Objective: To determine whether implementation of a collaborative, evidence-based algorithm for care of pediatric parapneumonic effusion and empyema (PPE) can improve the quality of care delivered.
Study design: Prospective cohort with retrospective control comparison of children aged 1 month to 18 years admitted with a clinical diagnosis of PPE. Quality improvement techniques were used to develop an algorithm, which was implemented September 2008. Primary outcome measures were decreased median and variability in length of stay (LOS), reduction in the use of chest computed tomography (CT), reduction in the total number of painful procedures, and increased initial use of effective drainage procedures when drainage was indicated.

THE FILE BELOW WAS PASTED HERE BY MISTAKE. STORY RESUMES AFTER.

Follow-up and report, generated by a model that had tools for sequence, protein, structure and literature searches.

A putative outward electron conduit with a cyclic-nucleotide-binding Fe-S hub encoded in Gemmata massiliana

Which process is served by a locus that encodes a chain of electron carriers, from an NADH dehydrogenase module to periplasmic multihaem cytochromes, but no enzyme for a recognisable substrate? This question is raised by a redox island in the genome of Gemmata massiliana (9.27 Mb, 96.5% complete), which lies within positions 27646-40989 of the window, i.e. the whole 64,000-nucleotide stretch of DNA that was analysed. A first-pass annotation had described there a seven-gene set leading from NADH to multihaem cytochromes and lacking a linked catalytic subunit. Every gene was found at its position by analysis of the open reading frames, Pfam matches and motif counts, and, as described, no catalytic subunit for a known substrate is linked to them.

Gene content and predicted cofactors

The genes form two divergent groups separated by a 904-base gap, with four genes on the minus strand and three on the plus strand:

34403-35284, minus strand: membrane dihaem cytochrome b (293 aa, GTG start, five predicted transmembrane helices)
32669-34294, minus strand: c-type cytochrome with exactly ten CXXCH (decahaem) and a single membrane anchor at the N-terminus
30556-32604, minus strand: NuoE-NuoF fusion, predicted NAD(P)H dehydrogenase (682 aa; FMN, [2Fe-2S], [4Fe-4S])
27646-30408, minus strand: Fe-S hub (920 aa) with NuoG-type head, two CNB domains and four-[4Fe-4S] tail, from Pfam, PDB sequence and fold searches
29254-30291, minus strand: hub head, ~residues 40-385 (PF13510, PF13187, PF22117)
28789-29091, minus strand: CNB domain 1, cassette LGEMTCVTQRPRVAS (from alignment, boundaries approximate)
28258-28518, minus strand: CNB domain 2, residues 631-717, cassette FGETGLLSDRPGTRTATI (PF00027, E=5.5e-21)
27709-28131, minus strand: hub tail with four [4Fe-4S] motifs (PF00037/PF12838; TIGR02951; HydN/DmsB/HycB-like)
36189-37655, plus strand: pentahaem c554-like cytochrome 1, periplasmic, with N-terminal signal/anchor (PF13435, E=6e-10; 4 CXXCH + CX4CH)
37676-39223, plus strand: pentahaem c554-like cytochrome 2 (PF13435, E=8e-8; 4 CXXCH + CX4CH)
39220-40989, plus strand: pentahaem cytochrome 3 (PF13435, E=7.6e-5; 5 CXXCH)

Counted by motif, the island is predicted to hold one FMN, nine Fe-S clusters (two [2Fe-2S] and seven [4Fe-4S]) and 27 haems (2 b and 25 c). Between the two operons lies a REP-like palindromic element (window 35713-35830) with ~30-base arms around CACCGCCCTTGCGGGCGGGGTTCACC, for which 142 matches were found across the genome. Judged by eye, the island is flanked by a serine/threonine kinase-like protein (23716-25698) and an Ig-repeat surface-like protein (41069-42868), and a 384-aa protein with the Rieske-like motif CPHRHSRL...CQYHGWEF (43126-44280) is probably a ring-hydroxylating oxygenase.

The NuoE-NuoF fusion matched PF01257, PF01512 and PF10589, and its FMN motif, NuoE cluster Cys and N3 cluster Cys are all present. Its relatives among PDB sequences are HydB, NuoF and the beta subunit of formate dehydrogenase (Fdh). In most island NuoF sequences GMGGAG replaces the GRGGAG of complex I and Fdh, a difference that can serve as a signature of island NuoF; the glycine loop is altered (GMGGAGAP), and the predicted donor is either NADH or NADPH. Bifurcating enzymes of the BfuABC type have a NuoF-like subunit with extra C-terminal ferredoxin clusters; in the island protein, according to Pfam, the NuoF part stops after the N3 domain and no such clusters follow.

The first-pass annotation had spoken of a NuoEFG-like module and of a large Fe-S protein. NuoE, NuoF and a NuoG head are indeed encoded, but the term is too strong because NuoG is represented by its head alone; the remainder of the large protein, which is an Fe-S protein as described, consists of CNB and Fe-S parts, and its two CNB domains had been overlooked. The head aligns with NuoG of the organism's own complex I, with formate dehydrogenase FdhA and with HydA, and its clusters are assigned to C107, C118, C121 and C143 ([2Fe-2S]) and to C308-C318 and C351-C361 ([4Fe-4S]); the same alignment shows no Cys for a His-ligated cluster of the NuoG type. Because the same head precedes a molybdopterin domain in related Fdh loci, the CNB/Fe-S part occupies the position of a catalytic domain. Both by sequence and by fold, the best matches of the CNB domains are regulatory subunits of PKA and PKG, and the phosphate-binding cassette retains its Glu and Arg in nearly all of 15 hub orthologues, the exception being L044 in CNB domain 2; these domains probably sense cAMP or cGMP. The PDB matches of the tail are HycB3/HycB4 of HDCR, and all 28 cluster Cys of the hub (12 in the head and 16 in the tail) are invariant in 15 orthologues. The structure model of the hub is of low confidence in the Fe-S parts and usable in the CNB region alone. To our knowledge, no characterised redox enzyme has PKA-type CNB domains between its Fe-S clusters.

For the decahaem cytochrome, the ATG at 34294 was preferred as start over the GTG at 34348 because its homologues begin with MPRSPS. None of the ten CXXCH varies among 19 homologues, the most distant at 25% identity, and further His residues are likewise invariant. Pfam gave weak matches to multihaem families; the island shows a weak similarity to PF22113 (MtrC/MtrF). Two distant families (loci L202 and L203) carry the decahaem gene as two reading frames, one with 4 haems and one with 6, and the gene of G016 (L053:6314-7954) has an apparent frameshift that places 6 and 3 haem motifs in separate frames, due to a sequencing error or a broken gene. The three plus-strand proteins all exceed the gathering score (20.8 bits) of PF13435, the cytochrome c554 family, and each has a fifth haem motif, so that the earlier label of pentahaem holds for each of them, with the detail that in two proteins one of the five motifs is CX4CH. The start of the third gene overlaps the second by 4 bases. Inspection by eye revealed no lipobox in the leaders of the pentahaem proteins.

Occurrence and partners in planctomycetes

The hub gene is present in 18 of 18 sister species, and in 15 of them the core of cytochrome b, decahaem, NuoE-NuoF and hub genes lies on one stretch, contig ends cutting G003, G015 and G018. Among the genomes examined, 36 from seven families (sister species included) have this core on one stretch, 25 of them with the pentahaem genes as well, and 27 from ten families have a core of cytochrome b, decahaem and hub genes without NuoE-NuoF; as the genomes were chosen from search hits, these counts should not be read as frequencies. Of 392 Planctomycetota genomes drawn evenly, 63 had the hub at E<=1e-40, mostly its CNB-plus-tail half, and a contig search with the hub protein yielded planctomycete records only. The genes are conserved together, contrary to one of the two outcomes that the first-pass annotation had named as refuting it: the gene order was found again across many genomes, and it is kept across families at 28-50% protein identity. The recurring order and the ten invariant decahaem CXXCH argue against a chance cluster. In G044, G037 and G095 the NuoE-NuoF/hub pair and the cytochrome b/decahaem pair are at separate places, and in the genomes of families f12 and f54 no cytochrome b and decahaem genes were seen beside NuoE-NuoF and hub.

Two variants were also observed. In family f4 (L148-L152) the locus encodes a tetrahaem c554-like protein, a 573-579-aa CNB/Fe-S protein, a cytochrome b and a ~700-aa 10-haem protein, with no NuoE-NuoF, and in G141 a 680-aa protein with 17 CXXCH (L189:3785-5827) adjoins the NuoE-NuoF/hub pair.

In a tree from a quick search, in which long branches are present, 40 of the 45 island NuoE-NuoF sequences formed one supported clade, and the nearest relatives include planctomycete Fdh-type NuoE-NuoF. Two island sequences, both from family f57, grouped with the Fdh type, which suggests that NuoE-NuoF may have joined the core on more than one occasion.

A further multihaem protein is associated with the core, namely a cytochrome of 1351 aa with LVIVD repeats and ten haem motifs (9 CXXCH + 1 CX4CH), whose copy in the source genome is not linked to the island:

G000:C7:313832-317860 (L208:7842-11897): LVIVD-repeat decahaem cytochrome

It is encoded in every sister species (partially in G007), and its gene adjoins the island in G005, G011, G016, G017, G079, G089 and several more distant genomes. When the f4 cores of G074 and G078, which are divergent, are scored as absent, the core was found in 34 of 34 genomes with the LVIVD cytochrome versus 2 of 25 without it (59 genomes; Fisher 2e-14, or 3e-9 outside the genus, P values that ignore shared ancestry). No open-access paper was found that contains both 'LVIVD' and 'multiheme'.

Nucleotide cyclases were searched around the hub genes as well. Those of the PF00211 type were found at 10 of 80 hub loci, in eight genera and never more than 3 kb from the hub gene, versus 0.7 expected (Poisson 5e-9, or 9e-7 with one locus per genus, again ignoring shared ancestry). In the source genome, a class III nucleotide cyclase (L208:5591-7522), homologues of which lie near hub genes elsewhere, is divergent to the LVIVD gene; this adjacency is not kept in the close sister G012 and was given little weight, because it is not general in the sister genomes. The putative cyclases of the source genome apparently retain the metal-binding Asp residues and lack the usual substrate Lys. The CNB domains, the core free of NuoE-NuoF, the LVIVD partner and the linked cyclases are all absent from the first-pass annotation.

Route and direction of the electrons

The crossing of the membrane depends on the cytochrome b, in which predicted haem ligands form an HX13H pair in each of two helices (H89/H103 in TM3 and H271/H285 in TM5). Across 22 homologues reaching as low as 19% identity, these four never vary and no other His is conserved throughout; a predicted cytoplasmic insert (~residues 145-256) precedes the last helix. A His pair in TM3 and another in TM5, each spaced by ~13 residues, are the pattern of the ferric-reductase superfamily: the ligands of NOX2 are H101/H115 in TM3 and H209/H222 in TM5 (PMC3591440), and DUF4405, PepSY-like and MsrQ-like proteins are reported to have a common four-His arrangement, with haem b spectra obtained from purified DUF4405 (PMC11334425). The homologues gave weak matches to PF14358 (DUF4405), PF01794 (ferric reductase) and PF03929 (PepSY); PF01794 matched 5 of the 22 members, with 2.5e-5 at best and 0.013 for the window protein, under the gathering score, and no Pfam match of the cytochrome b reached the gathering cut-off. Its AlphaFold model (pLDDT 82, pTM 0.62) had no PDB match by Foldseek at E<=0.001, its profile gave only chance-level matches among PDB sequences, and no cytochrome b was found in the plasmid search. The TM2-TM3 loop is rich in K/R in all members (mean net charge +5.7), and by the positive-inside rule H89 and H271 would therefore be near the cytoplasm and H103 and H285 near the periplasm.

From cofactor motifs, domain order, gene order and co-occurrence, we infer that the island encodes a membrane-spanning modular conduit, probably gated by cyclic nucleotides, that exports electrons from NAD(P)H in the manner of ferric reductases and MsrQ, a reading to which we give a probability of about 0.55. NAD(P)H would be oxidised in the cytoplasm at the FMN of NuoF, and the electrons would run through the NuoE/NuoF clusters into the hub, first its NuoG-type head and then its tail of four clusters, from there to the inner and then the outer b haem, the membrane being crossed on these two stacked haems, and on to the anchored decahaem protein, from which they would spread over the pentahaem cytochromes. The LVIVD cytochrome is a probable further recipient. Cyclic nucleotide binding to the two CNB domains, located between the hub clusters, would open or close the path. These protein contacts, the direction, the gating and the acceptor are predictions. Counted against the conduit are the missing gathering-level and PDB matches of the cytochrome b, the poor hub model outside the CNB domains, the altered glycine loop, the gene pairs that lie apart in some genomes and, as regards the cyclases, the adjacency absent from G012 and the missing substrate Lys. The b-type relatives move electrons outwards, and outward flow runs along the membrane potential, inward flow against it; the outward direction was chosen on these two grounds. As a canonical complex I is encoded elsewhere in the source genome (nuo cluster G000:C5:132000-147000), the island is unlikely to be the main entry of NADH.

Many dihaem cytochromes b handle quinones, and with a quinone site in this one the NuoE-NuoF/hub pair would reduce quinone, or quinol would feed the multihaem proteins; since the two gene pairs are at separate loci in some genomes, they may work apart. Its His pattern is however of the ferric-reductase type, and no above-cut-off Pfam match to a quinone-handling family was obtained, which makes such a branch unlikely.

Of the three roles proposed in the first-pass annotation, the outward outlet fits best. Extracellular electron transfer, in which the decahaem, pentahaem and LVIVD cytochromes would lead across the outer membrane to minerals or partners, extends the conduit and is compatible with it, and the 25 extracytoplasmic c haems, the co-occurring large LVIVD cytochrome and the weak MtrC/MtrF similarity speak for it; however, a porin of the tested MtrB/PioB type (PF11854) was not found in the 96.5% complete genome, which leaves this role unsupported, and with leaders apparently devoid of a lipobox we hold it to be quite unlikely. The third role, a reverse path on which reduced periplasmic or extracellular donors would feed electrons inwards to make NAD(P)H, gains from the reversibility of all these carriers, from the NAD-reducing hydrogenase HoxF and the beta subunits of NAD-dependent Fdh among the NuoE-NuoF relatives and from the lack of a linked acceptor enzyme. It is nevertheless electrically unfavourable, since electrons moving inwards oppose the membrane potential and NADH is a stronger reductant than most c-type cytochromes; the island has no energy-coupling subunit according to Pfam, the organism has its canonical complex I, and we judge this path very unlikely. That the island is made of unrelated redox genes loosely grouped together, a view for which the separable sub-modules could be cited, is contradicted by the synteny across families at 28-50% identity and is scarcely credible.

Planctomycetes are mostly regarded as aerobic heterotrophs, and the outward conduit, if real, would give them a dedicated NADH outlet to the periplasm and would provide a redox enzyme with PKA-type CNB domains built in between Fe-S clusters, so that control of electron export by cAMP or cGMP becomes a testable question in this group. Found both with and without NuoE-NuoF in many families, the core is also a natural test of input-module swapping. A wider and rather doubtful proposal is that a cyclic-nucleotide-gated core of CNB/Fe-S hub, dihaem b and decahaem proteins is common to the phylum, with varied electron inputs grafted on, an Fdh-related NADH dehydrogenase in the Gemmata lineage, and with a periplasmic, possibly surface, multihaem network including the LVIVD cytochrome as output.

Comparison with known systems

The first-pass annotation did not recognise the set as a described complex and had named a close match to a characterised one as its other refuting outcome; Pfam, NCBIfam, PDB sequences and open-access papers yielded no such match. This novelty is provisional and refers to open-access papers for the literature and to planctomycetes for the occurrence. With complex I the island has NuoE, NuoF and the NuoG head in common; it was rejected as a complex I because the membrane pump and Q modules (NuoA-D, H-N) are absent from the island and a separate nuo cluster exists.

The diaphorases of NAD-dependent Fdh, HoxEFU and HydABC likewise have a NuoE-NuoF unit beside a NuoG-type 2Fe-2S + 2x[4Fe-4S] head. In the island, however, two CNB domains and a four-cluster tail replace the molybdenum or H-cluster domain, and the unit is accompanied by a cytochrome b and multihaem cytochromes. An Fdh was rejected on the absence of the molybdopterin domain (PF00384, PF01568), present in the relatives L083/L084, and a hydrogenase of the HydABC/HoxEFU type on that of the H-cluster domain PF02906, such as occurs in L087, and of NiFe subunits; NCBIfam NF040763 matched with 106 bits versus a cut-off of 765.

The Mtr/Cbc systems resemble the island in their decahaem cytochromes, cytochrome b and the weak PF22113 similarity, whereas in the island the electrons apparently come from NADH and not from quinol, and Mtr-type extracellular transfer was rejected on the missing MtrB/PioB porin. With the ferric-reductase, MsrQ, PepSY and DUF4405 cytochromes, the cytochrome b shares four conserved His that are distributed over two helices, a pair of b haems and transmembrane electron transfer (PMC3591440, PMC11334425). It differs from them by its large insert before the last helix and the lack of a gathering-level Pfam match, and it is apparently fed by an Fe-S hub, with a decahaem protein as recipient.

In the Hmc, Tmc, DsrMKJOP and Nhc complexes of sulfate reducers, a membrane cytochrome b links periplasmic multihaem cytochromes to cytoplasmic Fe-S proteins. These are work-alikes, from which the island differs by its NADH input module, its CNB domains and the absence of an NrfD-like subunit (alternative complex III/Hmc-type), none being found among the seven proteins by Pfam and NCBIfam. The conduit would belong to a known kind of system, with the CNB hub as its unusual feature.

Results: Compared with controls, algorithm implementation substantially reduced use of chest CT (0% vs. 41% of patients, P = 0.01) with no observed negative impact on LOS. Reductions in median LOS were not significant, but variability in LOS was reduced (P < 0.01 by F-test). Changes in number of procedures and use of effective drainage when indicated were in the predicted direction but not statistically significant.
Conclusions: Quality improvement techniques are an effective means for incorporating evidence-based medicine into pediatric care. PPE can be managed safely without the use of chest CT.
Copyright © 2011 Wiley-Liss, Inc.